Lutein — another carotenoid derived from both dark green, leafy vegetables and orange and yellow plants — helps form the macular pigment of the human eye. Moderate lutein intake is associated with decreased macular degeneration risk and less visual impairment. Lisa Holk, a naturopath and professor at the Pacific College of Oriental Medicine, says consuming 6 to 12 mg daily can help prevent cataracts and age-related macular degeneration. Large amounts of lutein are found in green vegetables, including broccoli, collard greens, kale and spinach, as well as eggs and orange-colored fruits and vegetables.
Greens and Bone Health
Vitamin K is needed for bone formation, and it contributes to positive calcium balance in the body. It’s richest in green leafy vegetables. In a study of postmenopausal Japanese women, vegetable intake was positively associated with bone mineral content. Postmenopausal women are at an increased risk of osteoporosis due to the drop in estrogen, so consuming a diet rich in green vegetables can help protect bone health later in life.
Greens and Your Brain
Two decades of research on nutrition and dementia indicate diet has a strong protective influence on brain and neuronal health. Polyphenols are a broad class of antioxidant compounds found in fruits and vegetables that demonstrate neuroprotective effects. Given the increasing evidence of free radicals and oxidative stress in the development of senile dementia, Parkinson’s disease and other neurodegenerative diseases, it makes sense that these compounds — with their powerful ability to calm inflammation and detain free radicals — would offer protection. Polyphenols are found in green tea as well as many culinary herbs, including oregano, rosemary, basil and thyme. Brussels sprouts, kale and spinach also contain high antioxidant levels and can protect the brain and body against oxidative stress. One study noted that senior adults who ate one to two servings a day of green leafy vegetables had the cognitive ability of a person 11 years younger than those who consumed none. This study found that vitamin K, lutein, folate and beta-carotene were most likely responsible for maintaining brain health; all of these nutrients are abundant in leafy greens.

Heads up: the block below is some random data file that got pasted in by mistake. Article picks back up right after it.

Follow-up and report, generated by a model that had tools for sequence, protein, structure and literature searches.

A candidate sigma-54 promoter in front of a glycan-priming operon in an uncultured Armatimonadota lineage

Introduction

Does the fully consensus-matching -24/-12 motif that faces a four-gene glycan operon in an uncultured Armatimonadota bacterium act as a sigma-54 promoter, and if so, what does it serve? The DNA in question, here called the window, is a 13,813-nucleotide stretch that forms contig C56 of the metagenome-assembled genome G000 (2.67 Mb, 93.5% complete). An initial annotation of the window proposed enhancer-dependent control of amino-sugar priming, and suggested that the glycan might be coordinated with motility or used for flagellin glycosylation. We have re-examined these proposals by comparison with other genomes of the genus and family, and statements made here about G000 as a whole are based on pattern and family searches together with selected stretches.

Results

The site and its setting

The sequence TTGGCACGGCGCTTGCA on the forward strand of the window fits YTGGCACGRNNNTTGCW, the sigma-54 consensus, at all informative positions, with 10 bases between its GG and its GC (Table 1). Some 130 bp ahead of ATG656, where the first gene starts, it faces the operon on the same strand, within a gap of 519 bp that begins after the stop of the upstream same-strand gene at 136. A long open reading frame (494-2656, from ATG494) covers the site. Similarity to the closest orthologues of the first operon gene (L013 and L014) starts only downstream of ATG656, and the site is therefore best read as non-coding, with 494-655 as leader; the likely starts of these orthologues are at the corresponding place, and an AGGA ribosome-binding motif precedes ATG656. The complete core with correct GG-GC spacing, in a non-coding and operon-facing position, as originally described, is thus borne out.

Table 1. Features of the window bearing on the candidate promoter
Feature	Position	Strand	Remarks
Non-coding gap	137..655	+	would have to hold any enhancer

The Amazing 8: My Favorite Greens
As a group, greens share several valuable nutrients, including magnesium, vitamin K, folate and potassium. The crucifers, which include broccoli, kale, collard greens, bok choy, cabbage, arugula, cauliflower and Brussels sprouts, have many compounds that enhance detoxification and fight cancer. You’ll notice themes among the greens below, all of which are amazing nutritional superheroes.
1. Kale: This cruciferous vegetable deserves the nutritional star status it has gained in the past decade, thanks to its abundance of vitamin K, carotenoids and the cruciferous-specific compounds sulforaphane and glucosinolates. Kale is delicious raw in salads (if you wish, “massage” it first with a sprinkle of salt to break down its dense texture); oven-roasted as kale chips; sautéed with olive oil, lemon and garlic; or added to soups, stews, stir-fries or casseroles.
2. Dandelion: Dandelion stands out because it has a significant amount of calcium, making it a bone-building green that deserves a place at the table. It’s also high in lutein and other carotenoids. Cut the bitterness of dandelion by choosing small, young greens and drizzling a well-aged balsamic vinegar or lemon juice on sautéed leaves.
3. Chard: At least 13 polyphenol antioxidants have been identified in chard, offering blood-sugar-regulating, antioxidant, anti-inflammatory and detoxification support. Chard also contains special phytonutrients that enhance nervous system and eye health.
4. Collards: In one study of eight green vegetables, collard greens showed the greatest capacity to bind to bile acids, so these are your greatest cholesterol-lowering allies. Steaming improves bile-acid binding. Add an apple to your collards and give your doctor the pink slip!
5. Spinach: Spinach is an incredibly versatile, mild green that’s easy to find and integrate. Use it in salads, hide it in smoothies, or tuck it into a lasagna or pasta sauce. It is rich in vitamin K, folate and magnesium, as well as anti-inflammatory flavonoids and carotenoids, making it excellent for the entire body. Raw spinach offers the most nutrition.
6. Broccoli and Broccoli Sprouts: Broccoli and their sprouts can challenge kale head-to-head for most nutritional potency. Broccoli is rich in lutein, sulforaphane, folate and carotenoids, and provides a trifecta of detox, anti-cancer and anti-inflammatory effects. Just half a cup a day can help, with three cups daily offering an optimal antioxidant load for protection. Broccoli sprouts are notable because they offer increased sulforaphane potency. The sprouts may also have antiviral capacity, specifically against influenza. “At even just 1/4 cup per day I’ve seen drastic changes in my clients’ health,” says Tom Malterre of Whole Life Nutrition. Add broccoli sprouts to salads, sandwiches, wraps, tacos, rice bowls or smoothies. Learn how to grow your own supply of sprouts by visiting The Magic of Microgreens.